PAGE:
Johann Hari, who was admitted plagiarism, will take months unpaid leave from the Independent to undertake journalism training
Hari has also admitted using the pseudonym David Rose to edit the Wikipedia pages of other journalists "in ways that were juvenile or malicious".
In a piece published in today's Independent, Hari said that he was handing back the Orwell Prize as "an act of contrition" and acknowledged that the Orwell Prize Council had been "minded to take it away anyway".
His statement added that he is to take a four-month leave of absence from the Independent, during which time he will undertake journalism training. He also said he intends to add footnotes to articles after he returns to the newspaper, as well as publishing audio recordings of his interviews online.
It is understood that the editor of the Independent, Chris Blackhurst, intends to allow Hari to return to the newspaper following his leave.
Hari's plagiarising of quotes was first discovered in June by an anonymous blogger who found that quotes from his profile of Italian philosopher Anthony Negri had been lifted from a book on Negri published the previous year.
The columnist initially denied having committed plagiarism, calling the accusations "totally false", but a series of further revelations concerning other articles – including a 5,000-word profile of journalist Ann Leslie which was said to contain 545 words taken directly from a piece she wrote for the Daily Mail – led to an him being suspended in July and and the newspaper launching an internal investigation conducted by former editor Andreas Whittam Smith.
According to the Independent, Hari acknowledged Whittam's Smith's conclusion that he had embellished and plagiarised quotes.
The council of the Orwell Prize also began to consider whether to strip him of the award. In a statement, the Prize organisers said: "The 2008 Orwell Prize for Journalism, which had been awarded to Johann Hari, was returned this afternoon by courier. The Orwell Prize accepts Hari’s withdrawal."
In an apology published in today's Independent, Hari says he did "two wrong and stupid things". The first was plagiarising quotes, the second using the pseudonym David Rose to edit his own and others' Wikipedia entries.
"[S]everal years ago I started to notice some things I didn’t like in the Wikipedia entry about me, so I took them out. To do that, I created a user-name that wasn’t my own. Using that user-name, I continued to edit my own Wikipedia entry and some other people’s too. I took out nasty passages about people I admire – like Polly Toynbee, George Monbiot, Deborah Orr and Yasmin Alibhai-Brown.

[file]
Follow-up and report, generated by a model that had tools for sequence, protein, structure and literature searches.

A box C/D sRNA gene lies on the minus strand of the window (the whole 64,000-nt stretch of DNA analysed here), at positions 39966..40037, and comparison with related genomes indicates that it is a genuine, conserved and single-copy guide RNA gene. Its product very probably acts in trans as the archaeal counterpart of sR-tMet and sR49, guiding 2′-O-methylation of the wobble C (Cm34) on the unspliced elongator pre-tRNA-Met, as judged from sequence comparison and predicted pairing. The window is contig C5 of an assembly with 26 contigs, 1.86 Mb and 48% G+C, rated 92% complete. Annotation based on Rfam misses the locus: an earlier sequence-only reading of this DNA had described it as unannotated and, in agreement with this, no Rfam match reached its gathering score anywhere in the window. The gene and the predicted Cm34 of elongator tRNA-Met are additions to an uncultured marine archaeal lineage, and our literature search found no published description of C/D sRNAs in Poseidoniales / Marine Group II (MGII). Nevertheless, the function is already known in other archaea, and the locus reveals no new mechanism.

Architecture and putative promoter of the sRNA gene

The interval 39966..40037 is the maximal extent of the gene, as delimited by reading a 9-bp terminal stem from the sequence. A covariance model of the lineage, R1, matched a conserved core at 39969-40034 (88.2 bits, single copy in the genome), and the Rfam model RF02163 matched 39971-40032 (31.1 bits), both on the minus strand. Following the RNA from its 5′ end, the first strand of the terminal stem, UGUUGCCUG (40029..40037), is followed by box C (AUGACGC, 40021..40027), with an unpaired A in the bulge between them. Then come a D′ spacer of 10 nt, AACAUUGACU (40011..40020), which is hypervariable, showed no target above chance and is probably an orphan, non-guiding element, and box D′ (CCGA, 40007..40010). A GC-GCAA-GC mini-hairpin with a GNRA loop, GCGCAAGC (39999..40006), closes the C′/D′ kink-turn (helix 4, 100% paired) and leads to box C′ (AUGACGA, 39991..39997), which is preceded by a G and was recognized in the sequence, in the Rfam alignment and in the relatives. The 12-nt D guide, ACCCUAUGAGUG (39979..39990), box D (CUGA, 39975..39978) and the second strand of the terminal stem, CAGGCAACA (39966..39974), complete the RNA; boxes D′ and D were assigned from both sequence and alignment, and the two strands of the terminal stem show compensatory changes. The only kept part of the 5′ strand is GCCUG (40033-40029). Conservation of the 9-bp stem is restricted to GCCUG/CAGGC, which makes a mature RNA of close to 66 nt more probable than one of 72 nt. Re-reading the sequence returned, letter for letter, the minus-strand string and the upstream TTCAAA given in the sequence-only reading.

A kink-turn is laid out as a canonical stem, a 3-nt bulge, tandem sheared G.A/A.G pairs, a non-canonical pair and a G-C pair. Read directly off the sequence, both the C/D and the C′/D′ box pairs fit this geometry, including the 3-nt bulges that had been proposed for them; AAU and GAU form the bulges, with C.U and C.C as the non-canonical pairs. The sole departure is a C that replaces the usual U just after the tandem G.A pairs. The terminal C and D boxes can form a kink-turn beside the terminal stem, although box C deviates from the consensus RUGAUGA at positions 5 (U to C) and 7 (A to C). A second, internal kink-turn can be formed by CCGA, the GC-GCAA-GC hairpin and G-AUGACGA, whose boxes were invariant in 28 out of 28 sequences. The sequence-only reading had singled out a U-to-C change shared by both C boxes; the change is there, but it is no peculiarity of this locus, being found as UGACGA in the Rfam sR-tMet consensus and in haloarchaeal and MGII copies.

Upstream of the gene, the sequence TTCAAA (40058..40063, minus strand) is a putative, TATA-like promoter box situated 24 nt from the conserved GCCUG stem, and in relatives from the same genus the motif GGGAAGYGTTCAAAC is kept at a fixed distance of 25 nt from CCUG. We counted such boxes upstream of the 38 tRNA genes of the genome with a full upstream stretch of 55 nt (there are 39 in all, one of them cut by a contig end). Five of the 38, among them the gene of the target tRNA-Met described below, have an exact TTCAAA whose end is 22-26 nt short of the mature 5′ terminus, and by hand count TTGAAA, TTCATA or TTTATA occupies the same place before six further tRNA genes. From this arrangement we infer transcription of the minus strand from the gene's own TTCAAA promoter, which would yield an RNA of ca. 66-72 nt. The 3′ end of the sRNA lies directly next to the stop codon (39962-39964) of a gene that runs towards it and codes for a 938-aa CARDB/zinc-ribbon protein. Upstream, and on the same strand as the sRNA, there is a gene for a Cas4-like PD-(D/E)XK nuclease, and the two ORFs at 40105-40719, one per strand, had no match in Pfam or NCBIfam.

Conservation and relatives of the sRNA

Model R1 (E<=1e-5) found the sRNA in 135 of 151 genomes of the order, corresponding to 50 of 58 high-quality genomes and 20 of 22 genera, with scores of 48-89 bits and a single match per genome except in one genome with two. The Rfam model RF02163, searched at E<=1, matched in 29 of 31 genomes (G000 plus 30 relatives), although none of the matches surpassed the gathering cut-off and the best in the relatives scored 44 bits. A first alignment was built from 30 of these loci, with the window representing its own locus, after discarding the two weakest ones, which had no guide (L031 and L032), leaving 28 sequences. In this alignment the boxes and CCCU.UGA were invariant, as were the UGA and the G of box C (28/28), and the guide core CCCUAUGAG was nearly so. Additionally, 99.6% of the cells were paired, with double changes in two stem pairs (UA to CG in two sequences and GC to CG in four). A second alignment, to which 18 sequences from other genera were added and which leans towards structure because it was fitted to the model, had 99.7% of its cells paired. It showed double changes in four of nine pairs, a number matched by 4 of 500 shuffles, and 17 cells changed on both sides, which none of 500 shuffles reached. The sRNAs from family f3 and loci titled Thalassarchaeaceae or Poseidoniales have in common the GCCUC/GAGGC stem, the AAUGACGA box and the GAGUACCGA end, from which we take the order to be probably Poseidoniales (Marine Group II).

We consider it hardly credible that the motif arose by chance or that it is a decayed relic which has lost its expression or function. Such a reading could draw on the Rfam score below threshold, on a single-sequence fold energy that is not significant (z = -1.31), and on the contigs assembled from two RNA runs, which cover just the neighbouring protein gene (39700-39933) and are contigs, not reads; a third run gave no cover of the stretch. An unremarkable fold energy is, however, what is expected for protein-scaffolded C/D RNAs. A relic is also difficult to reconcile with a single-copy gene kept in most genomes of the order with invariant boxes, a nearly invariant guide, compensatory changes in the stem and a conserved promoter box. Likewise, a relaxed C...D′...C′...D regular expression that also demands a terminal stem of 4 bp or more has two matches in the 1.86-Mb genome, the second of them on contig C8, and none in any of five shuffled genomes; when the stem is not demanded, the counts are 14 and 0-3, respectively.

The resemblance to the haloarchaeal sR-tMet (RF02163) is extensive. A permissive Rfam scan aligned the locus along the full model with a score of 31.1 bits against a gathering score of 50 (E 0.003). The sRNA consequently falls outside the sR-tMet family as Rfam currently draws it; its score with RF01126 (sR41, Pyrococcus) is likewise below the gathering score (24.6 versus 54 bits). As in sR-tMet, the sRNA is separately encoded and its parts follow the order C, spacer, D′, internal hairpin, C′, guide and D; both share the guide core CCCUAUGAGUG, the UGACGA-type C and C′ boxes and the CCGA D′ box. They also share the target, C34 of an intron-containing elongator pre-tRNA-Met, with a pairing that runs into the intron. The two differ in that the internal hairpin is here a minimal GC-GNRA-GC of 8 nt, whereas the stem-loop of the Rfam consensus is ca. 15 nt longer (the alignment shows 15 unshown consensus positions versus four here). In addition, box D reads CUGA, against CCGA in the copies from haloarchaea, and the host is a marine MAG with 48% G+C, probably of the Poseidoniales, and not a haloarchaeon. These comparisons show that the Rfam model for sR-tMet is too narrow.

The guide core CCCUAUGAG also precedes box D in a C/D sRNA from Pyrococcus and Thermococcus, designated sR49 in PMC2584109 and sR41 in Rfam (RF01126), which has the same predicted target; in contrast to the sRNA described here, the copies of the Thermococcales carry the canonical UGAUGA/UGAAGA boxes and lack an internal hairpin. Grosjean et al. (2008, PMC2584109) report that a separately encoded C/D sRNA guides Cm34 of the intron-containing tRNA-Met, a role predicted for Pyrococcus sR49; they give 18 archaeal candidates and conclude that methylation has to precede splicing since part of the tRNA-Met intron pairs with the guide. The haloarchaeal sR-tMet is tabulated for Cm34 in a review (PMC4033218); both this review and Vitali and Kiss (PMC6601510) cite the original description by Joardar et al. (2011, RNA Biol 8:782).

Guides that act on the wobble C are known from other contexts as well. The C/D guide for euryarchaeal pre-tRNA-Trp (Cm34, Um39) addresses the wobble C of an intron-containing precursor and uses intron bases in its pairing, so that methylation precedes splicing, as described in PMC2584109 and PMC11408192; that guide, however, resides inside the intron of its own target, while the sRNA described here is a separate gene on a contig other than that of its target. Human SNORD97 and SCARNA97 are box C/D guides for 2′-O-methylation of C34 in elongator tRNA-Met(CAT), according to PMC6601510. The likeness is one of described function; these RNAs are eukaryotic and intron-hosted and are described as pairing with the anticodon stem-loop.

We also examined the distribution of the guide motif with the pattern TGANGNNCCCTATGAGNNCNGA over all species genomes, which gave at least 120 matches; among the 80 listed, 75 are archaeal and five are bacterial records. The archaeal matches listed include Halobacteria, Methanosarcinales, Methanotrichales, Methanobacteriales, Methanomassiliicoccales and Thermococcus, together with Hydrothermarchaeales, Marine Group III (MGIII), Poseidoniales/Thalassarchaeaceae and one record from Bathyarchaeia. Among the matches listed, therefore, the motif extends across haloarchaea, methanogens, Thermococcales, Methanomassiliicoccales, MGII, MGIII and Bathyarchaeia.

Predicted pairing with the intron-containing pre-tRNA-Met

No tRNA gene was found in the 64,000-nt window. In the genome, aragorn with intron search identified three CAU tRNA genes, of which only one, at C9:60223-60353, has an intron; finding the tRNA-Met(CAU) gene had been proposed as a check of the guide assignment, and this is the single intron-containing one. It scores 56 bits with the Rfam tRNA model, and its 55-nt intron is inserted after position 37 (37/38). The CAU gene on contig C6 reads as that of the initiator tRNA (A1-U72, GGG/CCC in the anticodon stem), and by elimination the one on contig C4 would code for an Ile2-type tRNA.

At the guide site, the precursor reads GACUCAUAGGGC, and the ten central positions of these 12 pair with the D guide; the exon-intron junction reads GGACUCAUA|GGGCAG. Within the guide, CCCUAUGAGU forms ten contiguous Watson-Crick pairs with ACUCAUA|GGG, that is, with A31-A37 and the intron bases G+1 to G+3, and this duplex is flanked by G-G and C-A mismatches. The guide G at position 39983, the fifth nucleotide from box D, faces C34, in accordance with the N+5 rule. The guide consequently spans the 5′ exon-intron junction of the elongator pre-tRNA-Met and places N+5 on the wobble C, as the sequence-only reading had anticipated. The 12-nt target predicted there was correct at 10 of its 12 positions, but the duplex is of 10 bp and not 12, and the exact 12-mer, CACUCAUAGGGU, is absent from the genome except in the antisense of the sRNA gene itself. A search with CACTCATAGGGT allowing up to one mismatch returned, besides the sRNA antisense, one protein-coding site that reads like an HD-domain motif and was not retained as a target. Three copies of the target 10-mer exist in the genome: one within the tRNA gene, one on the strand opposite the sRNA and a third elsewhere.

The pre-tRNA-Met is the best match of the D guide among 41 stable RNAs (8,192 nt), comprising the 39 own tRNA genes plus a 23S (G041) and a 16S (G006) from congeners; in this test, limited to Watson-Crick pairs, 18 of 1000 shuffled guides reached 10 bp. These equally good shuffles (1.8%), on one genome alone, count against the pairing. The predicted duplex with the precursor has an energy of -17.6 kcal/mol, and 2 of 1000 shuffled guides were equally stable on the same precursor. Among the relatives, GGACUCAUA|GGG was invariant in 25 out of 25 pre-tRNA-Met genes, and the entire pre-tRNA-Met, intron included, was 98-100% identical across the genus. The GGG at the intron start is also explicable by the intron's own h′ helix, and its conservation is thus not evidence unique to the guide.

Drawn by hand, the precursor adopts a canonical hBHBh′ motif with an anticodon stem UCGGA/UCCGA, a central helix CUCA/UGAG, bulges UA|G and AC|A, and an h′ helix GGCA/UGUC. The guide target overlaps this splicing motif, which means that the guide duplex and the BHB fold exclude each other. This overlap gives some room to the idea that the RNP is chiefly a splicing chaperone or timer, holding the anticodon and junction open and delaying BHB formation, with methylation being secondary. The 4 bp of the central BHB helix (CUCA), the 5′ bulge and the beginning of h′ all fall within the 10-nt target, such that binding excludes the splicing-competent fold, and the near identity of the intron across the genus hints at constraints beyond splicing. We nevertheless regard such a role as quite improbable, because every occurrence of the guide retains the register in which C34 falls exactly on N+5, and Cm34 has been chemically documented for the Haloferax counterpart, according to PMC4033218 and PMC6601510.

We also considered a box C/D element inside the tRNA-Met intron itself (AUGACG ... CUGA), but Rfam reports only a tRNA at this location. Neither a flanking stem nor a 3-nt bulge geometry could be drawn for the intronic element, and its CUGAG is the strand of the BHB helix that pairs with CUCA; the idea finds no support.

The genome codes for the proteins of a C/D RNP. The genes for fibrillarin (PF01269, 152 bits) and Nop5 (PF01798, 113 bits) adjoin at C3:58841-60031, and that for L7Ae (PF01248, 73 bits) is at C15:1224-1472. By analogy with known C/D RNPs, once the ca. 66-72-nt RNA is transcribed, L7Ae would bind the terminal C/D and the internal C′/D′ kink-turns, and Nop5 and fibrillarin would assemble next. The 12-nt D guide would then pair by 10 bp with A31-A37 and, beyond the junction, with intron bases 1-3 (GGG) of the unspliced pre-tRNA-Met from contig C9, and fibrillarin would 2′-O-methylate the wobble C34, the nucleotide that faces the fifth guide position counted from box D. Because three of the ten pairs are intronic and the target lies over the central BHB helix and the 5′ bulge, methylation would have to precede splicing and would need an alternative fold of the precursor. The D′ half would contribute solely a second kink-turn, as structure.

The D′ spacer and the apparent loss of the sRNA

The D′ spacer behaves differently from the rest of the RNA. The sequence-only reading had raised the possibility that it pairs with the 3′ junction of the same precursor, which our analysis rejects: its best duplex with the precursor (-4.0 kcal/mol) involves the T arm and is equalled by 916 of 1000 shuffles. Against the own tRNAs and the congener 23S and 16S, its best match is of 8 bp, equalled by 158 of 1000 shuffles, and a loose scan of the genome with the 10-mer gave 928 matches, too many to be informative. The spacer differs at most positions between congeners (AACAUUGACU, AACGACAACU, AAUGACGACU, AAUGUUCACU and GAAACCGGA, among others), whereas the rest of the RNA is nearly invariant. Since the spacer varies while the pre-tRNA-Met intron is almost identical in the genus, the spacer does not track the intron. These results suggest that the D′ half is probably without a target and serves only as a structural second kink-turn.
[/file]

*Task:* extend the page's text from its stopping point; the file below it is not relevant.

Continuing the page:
"I factually corrected some other entries about other people. But in a few instances, I edited the entries of people I had clashed with in ways that were juvenile or malicious: I called one of them anti-Semitic and homophobic, and the other a drunk.
"I am mortified to have done this, because it breaches the most basic ethical rule: don’t do to others what you don’t want them to do to you. I apologise to the latter group unreservedly and totally."
Hari continues to deny accusations published in Private Eye and made by a translator that accompanied him in the Central African Republic in 1997 that he had fabricated a quote from a French soldier and exaggerated the extent of the French bombing in the area. According to Hari, two members of the NGO he was with at the time came forward to the Independent to support his version of events.
Chris Blackhurst, editor of the Independent, said: "We always pride ourselves on pursuing the highest ethical standards at The Independent. Regrettably, Johann fell below those in some aspects of his journalism.
"He has acknowledged his mistakes and made a full apology. There is no doubting his talent as a columnist and we are hoping to see him back in The Independent in the not too distant future."
The Independent has said that Whittam Smith's investigation is an internal report and will not be made public.
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